Girard Sightings

First in a new series, linking to articles, essays, op-eds, websites that mention Girard or Girardians:

Anglican Archbishop Rowan Williams in the Observer on Sunday, in an article titled: “We live in a culture of blame – but there is another way: The Archbishop of Canterbury tells why the Easter story can help humanity escape a lethal cycle of fear and resentment.”

Giles Frasier in the Guardian on Saturday, in a powerful article titled: “A funny kind of Christian: His thirst for scapegoats shows how poorly George Bush understands the meaning of Easter.”  From which: “[T]he story of the crucifixion and resurrection of Jesus is supremely a moral story about God’s identification with victims. The French anthropologist René Girard is the modern voice that has done most to explain the nature of this moral change.”

Michael Kirwan SJ‘s article “Fear and Loathing in the Low Countries” in Thinking Faith (a journal of British Jesuits) in February “uses the insights of French philosopher René Girard to analyse what it is about the Dutch psyche that might lie behind such vociferous opposition to Islam.” via A Vow of Conversation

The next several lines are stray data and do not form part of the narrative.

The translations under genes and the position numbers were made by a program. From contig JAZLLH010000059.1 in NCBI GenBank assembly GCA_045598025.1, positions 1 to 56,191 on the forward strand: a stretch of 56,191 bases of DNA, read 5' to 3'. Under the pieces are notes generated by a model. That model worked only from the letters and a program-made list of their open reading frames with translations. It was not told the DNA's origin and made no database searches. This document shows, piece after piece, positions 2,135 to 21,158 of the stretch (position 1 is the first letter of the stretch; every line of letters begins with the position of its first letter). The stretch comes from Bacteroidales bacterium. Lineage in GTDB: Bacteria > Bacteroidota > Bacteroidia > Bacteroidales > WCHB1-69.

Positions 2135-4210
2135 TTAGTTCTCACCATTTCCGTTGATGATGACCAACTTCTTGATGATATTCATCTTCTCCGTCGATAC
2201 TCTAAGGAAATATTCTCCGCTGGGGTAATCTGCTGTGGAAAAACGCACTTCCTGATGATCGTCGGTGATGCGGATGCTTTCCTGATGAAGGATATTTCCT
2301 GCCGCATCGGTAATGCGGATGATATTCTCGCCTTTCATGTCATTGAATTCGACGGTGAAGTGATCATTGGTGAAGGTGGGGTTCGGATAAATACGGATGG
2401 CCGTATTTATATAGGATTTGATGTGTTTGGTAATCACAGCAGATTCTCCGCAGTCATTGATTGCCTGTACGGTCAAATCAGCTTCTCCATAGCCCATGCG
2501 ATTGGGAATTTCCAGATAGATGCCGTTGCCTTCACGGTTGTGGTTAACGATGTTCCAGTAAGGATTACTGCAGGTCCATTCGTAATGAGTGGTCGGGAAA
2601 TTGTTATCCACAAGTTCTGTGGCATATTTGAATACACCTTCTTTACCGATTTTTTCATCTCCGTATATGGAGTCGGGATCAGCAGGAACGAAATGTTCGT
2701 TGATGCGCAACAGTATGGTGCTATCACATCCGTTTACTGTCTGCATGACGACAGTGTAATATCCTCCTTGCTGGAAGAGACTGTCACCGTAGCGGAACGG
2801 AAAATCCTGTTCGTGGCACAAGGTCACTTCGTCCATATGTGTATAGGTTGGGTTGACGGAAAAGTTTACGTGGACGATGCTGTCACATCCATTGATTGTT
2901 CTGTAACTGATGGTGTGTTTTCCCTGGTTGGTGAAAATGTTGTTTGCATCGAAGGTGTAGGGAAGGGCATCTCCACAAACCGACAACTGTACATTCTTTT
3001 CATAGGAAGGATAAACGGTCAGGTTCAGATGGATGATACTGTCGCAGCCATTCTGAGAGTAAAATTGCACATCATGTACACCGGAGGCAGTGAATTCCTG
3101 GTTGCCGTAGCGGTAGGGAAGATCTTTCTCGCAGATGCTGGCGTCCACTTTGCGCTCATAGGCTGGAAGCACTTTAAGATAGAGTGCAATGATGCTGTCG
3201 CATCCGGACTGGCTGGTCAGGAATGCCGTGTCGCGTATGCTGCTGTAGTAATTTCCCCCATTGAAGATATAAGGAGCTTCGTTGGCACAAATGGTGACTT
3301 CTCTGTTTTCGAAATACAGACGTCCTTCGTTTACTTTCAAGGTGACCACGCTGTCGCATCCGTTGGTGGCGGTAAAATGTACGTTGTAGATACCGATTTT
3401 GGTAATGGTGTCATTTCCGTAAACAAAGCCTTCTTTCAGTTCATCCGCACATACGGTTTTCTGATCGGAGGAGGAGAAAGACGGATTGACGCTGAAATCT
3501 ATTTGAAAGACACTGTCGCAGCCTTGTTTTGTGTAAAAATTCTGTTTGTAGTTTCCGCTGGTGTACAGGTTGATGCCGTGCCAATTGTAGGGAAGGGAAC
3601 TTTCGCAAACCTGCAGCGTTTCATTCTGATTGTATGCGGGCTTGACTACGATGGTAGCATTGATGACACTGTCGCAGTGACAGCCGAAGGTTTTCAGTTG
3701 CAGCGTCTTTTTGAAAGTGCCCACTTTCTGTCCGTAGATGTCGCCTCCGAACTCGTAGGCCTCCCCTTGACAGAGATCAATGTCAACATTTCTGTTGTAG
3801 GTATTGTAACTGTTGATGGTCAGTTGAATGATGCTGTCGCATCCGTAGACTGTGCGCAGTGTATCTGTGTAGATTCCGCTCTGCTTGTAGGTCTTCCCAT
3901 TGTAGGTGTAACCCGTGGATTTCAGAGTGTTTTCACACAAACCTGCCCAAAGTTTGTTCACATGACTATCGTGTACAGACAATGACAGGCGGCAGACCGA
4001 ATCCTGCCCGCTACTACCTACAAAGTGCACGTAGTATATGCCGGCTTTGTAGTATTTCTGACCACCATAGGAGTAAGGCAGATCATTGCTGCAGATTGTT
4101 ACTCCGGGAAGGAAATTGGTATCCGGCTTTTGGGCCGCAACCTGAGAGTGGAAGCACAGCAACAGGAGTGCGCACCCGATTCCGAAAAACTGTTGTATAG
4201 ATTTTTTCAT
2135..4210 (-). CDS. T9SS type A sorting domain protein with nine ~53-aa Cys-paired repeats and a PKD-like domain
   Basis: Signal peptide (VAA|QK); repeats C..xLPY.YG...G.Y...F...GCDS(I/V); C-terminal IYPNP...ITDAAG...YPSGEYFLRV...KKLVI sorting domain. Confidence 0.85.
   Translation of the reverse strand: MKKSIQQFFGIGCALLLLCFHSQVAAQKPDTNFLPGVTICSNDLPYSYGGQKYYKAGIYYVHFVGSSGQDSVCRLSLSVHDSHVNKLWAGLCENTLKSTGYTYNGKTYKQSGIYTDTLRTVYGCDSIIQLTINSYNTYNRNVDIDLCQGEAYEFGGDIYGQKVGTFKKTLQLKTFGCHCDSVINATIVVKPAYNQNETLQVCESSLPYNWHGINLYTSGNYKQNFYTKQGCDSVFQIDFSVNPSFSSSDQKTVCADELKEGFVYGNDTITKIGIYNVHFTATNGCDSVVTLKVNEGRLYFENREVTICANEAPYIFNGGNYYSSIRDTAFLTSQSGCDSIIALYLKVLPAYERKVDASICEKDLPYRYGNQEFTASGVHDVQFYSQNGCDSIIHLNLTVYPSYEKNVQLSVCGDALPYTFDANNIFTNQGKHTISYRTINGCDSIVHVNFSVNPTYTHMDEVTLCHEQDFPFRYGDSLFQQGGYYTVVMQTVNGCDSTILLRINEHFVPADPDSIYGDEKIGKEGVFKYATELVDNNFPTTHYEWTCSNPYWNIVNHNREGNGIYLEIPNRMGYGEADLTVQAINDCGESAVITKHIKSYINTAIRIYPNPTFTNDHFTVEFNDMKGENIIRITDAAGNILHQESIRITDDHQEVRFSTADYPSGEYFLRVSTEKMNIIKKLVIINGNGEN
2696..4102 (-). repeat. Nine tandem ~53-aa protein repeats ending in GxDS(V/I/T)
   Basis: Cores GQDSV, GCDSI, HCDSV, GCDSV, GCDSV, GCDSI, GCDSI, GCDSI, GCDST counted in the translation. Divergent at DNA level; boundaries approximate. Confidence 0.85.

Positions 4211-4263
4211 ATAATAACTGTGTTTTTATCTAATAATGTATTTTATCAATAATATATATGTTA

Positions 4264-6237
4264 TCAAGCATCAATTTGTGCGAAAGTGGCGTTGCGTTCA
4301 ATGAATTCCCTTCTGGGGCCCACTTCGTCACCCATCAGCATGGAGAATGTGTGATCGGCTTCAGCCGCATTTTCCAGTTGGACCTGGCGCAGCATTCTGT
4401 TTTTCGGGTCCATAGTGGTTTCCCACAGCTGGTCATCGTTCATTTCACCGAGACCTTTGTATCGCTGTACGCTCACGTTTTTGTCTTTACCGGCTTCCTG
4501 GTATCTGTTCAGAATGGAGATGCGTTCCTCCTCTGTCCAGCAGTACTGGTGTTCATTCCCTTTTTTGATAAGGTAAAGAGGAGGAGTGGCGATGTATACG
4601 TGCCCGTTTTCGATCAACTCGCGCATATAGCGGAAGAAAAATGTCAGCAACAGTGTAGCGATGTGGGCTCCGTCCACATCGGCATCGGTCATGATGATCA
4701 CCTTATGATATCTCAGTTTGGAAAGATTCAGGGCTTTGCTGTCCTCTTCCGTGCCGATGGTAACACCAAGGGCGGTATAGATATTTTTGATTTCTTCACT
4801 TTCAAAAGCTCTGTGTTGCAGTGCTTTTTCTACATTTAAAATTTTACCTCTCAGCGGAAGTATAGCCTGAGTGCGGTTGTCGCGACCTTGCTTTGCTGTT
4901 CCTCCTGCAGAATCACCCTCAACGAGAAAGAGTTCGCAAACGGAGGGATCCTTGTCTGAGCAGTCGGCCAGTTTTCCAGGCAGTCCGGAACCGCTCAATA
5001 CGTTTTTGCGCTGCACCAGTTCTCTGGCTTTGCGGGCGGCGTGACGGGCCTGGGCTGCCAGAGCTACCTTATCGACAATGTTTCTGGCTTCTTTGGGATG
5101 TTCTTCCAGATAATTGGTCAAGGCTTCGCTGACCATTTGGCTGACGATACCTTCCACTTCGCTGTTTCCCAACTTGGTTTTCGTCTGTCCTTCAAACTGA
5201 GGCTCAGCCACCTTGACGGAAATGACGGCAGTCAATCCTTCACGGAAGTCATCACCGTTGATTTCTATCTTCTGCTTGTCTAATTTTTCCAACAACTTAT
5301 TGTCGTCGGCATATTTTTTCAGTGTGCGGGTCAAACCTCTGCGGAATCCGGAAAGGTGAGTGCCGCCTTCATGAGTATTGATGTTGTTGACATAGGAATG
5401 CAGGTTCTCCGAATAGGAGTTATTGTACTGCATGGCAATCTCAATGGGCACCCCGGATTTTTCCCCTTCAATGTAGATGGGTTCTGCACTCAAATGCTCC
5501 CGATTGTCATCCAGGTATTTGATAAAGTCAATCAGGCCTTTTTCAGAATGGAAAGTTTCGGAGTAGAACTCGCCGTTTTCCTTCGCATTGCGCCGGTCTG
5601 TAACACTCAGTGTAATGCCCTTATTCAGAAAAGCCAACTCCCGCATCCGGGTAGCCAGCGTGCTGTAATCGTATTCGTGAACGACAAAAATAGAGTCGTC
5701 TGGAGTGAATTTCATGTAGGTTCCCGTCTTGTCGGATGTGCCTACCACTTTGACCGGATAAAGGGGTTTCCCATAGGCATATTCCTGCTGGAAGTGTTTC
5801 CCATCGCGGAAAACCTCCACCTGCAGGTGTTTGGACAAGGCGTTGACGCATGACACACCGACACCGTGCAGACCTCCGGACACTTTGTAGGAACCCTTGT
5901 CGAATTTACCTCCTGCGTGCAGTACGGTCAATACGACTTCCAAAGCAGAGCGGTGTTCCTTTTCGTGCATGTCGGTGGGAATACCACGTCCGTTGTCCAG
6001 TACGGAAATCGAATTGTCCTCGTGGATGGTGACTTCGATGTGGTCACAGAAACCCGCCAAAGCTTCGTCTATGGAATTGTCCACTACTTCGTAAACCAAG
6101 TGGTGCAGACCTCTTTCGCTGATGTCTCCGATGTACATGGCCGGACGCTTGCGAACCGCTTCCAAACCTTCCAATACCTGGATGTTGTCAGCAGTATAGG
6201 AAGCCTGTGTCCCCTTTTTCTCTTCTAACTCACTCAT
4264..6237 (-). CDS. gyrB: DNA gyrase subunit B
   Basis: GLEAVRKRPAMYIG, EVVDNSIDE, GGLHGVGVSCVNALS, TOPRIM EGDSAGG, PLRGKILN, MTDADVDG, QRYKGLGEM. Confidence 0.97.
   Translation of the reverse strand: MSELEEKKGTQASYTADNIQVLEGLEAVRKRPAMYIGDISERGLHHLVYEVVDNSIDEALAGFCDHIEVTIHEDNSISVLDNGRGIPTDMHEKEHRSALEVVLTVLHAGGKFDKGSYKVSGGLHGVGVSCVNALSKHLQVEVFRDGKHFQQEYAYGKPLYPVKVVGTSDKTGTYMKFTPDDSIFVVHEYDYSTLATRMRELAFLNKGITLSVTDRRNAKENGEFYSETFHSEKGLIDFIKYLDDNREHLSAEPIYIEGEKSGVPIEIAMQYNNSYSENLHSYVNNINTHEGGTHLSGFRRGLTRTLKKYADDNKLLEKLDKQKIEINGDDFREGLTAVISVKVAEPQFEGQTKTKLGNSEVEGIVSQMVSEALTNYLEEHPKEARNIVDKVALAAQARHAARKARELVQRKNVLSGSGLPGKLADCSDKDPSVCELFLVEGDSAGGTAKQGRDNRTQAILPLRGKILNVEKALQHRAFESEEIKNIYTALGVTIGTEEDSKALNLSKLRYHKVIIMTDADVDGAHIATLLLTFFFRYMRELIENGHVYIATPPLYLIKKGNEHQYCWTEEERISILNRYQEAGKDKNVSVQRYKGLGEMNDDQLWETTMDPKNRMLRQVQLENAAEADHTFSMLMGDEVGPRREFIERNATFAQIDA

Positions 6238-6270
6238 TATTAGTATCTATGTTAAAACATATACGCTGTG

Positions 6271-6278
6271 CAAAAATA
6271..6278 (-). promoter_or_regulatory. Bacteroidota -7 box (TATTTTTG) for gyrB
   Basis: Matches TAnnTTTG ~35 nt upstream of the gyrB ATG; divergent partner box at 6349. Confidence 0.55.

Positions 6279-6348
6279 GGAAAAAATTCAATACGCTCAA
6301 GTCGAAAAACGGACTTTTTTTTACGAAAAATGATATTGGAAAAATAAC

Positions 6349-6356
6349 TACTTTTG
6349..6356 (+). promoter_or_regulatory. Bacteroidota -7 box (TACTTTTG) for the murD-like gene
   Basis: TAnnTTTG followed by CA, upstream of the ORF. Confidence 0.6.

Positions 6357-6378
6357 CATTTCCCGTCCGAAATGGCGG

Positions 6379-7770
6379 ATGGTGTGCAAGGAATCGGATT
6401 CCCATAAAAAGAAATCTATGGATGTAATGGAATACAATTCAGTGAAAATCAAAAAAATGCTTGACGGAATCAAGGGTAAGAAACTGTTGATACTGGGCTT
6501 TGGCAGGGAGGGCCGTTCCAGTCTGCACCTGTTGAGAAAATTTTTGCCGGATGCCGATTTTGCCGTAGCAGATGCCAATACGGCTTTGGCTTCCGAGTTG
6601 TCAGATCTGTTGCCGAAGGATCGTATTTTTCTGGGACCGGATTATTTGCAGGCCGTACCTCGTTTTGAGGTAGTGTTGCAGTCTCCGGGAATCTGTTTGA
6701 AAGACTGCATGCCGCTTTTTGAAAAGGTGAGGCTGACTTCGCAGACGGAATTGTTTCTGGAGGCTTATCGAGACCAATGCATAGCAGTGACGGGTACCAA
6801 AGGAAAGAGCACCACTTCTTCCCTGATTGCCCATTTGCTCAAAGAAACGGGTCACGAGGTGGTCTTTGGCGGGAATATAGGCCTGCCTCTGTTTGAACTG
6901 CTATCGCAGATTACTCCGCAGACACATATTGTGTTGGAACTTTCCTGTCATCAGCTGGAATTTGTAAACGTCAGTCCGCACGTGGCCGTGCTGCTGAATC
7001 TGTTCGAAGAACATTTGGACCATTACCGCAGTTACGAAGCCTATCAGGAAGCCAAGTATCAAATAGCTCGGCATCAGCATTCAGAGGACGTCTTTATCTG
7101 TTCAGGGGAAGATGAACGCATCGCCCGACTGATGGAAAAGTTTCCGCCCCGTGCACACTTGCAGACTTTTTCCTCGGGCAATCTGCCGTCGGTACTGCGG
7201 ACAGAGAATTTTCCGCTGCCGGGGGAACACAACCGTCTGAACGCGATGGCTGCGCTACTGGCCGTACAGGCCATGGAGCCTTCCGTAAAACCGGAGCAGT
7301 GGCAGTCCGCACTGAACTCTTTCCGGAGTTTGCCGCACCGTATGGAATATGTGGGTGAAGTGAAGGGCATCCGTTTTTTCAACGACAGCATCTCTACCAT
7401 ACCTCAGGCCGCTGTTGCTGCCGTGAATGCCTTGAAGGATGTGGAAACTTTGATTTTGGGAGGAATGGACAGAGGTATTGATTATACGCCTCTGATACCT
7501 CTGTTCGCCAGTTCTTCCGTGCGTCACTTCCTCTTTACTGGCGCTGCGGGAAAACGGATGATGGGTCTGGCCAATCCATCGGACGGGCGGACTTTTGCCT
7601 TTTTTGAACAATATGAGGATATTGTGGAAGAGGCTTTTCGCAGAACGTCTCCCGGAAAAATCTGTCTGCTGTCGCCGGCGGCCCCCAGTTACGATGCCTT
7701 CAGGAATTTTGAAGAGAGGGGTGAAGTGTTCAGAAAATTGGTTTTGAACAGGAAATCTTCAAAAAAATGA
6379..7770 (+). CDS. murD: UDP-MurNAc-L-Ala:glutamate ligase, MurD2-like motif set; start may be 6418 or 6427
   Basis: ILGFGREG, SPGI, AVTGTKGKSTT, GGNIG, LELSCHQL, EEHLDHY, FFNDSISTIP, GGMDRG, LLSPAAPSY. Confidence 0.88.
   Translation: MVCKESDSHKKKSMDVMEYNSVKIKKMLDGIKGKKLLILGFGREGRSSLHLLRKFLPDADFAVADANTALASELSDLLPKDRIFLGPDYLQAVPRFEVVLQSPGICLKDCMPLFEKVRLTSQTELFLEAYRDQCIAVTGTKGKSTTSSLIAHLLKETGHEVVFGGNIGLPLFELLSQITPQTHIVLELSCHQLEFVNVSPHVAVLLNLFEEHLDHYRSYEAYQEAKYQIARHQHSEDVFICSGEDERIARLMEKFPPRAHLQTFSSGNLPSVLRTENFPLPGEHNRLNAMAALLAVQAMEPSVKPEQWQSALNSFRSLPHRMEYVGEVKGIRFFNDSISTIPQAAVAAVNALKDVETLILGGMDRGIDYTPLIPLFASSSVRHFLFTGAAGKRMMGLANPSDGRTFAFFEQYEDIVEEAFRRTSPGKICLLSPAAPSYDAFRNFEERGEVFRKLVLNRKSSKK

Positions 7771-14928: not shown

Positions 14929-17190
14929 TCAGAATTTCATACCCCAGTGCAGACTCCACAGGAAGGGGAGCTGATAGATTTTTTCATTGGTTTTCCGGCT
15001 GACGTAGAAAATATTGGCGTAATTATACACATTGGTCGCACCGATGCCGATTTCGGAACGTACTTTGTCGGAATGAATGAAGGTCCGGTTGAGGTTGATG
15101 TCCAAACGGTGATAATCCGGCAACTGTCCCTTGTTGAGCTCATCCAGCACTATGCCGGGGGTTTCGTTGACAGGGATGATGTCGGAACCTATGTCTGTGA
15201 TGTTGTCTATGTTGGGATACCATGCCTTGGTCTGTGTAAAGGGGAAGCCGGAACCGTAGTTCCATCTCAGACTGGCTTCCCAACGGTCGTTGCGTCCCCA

There’s a course to be taught this April-June at the Servant Leadership School (“an ecumenical center for theological reflection and spiritual formation located in Washington, D.C.”) by David Hilfiker, M.D. titled “The Radical Inclusivity of the Gospel: Ending the Spiral of Violence” [scroll down] which will “explore the theories of Rene Girard, to see how they can help us get beyond our current cultural impasse, as well as see what they mean for our personal and spiritual journeys.”

Girard in poetry: Poet Ange Mlinko’s “Conversion Comedy” in the March issue of Poetry magazine pays homage to Girard’s comment that “the origins of music lay in the necessity of drowning out the cries of sacrificial victims.” She also says that her priest told her to read Rene Girard and James Alison when she was deciding to be an Episcopal, “to give me a philosophical framework for Christianity quite apart from metaphysics.”

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